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Credit card holders: Are You a Deadbeat or Revolver?

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Los Angeles, CADan Bozin holds several credit cards. The credit card companies used to consider him a 'deadbeat': like 55 million Americans, Bozin paid off his bills each month. But without knowing it, he joined 90 million other US credit card holders and became a 'revolver'-- his credit card rate went from 9 percent to 17 percent—another victim of credit card abuse.

"When I recently received a statement from Chase Bank that my rate had increased to 17 percent from 9.9 percent, I was angry, to say the least," says Bozin. "I phoned and asked their reasoning—I had always paid off my balance each month and never had a late payment." But Chase refused to change this new rate; they told Bozin that it was because he had reached high limits on other credit cards.

"My FICO credit score was 760 when they increased the rate; I was definitely not a high risk," Bozin says. (FICO often determines how much a consumer pays in interest.) But he is at the mercy of credit card companies that can change terms of the contract at will.

Credit card holderThe contract is full of traps—written in fine print. The term 'universal default' means that companies such as Chase have the right to change rates for a number of reasons: maybe your balance is too high, even on other cards (such as Bozin's dilemma); maybe you failed to make a payment to another creditor, even on your house or car—these stipulations are all disclosed in the credit card contract.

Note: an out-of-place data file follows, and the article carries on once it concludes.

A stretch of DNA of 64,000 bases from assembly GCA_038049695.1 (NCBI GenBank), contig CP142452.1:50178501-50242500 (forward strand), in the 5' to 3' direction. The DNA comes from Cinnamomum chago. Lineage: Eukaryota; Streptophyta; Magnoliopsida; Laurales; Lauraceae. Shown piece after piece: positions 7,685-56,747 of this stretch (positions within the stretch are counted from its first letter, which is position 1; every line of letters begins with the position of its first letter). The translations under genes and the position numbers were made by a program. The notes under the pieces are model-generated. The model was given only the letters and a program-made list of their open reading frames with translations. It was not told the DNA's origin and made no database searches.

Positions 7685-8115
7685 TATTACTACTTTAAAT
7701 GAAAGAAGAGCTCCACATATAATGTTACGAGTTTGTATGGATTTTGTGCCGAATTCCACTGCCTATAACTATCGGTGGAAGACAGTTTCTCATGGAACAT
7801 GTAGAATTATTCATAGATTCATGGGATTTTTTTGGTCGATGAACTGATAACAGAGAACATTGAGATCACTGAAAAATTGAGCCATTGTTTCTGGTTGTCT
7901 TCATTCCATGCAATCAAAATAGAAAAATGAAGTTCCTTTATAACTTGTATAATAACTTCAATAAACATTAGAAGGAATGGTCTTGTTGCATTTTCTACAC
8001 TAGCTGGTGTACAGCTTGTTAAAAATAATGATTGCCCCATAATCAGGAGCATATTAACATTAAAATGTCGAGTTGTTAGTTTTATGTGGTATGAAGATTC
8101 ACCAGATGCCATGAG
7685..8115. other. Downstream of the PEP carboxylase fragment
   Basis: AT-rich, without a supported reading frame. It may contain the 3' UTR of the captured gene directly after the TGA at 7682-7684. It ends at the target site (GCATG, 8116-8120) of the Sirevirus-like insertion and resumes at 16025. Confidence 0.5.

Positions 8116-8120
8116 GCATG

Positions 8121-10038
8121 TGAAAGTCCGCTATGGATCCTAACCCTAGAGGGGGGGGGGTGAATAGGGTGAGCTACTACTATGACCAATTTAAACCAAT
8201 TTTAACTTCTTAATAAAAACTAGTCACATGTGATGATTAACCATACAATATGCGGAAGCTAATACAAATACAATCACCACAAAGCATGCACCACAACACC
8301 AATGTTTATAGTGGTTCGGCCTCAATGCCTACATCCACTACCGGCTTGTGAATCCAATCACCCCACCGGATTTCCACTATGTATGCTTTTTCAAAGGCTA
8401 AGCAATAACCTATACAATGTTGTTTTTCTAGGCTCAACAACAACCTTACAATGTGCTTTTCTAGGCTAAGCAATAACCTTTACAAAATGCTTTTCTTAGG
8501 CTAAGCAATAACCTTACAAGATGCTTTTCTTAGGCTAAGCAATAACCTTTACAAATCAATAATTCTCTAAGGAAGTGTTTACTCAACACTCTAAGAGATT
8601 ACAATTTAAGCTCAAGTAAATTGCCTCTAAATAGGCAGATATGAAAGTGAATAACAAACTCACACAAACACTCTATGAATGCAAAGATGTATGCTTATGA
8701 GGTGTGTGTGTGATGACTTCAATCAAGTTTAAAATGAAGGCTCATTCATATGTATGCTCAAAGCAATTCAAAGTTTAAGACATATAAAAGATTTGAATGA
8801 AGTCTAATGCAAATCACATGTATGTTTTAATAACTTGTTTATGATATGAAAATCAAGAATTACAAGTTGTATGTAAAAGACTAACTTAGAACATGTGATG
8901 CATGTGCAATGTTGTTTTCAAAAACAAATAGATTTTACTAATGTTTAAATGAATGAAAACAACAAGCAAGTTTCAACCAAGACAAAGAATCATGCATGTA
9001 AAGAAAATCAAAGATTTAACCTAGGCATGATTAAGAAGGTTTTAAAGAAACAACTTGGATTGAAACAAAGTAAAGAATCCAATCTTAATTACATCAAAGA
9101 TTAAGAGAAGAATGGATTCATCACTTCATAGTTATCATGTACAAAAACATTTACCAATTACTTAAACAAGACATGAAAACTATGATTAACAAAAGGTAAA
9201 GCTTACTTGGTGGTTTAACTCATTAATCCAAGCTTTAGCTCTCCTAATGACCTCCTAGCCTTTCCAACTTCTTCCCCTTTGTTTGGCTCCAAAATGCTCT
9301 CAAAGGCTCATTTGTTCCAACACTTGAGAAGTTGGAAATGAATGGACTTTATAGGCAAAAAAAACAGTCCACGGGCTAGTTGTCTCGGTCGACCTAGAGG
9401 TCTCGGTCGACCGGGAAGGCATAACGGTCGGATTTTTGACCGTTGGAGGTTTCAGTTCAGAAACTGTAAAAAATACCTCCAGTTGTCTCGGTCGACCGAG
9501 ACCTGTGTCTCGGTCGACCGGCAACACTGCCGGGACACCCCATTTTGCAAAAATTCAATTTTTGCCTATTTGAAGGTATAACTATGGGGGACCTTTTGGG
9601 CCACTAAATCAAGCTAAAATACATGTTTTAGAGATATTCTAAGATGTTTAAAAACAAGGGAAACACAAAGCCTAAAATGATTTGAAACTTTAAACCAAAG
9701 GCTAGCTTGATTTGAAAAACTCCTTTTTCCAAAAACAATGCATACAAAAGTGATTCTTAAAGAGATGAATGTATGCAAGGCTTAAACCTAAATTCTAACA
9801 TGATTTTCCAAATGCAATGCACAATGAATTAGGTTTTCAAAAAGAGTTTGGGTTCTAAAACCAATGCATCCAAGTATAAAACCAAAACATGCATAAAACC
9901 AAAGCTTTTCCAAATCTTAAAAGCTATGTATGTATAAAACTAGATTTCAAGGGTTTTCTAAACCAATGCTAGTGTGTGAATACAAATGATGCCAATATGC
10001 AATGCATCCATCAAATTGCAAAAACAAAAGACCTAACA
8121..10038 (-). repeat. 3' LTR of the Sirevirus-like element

"I think Michael Moore should be a documentary on credit card abuse," says Bozin. "It seems to be an unregulated industry and they play by their own rules; they change at anytime and it is one of the few industries that doesn't have to follow state law-- at least here in California." Clearly, the federal and state laws are inadequate.

"Actually, credit card companies can go by the rules of the states where they are incorporated," adds Bozin. "Most credit card companies are incorporated in either Delaware or South Dakota. (Chase is in Delaware.)

How can credit card companies get away with loansharking? "There was a ruling in federal court: the governors removed the laws to cap interest rates so that these corporations could draw business to their state—at consumers' expense," explains Bozin. "For instance, CityBank used to be in New York but when it moved to South Dakota, it was able to charge up to 30 percent interest and in New York its rate was capped around 18 or 19 percent--different states have different usury laws.

"It is ironic that today, talking with [LawyersandSettlements] about credit card abuse, I got a statement from Capital One with a rate hike from 9.9% to 19.9%. They claim that they sent me a letter in August asking me to opt out, but I didn't receive this letter. Their deadline was September 11th. When I told them that I didn't get this notification, they admitted that it sometimes looks like junk mail and people often just throw it out!

I'm still fighting with them on it."

READ ABOUT THIS LAWSUIT

Credit Card Rate Hikes Legal Help

If you have been a victim of any unfair practices by your credit card company, including substantial rate increases, unfair penalties or broken promises, and would like to take a stand by participating in an action against them, please contact a lawyer involved in a possible [Credit Card Abuse Lawsuit] who will review your case at no cost or obligation.

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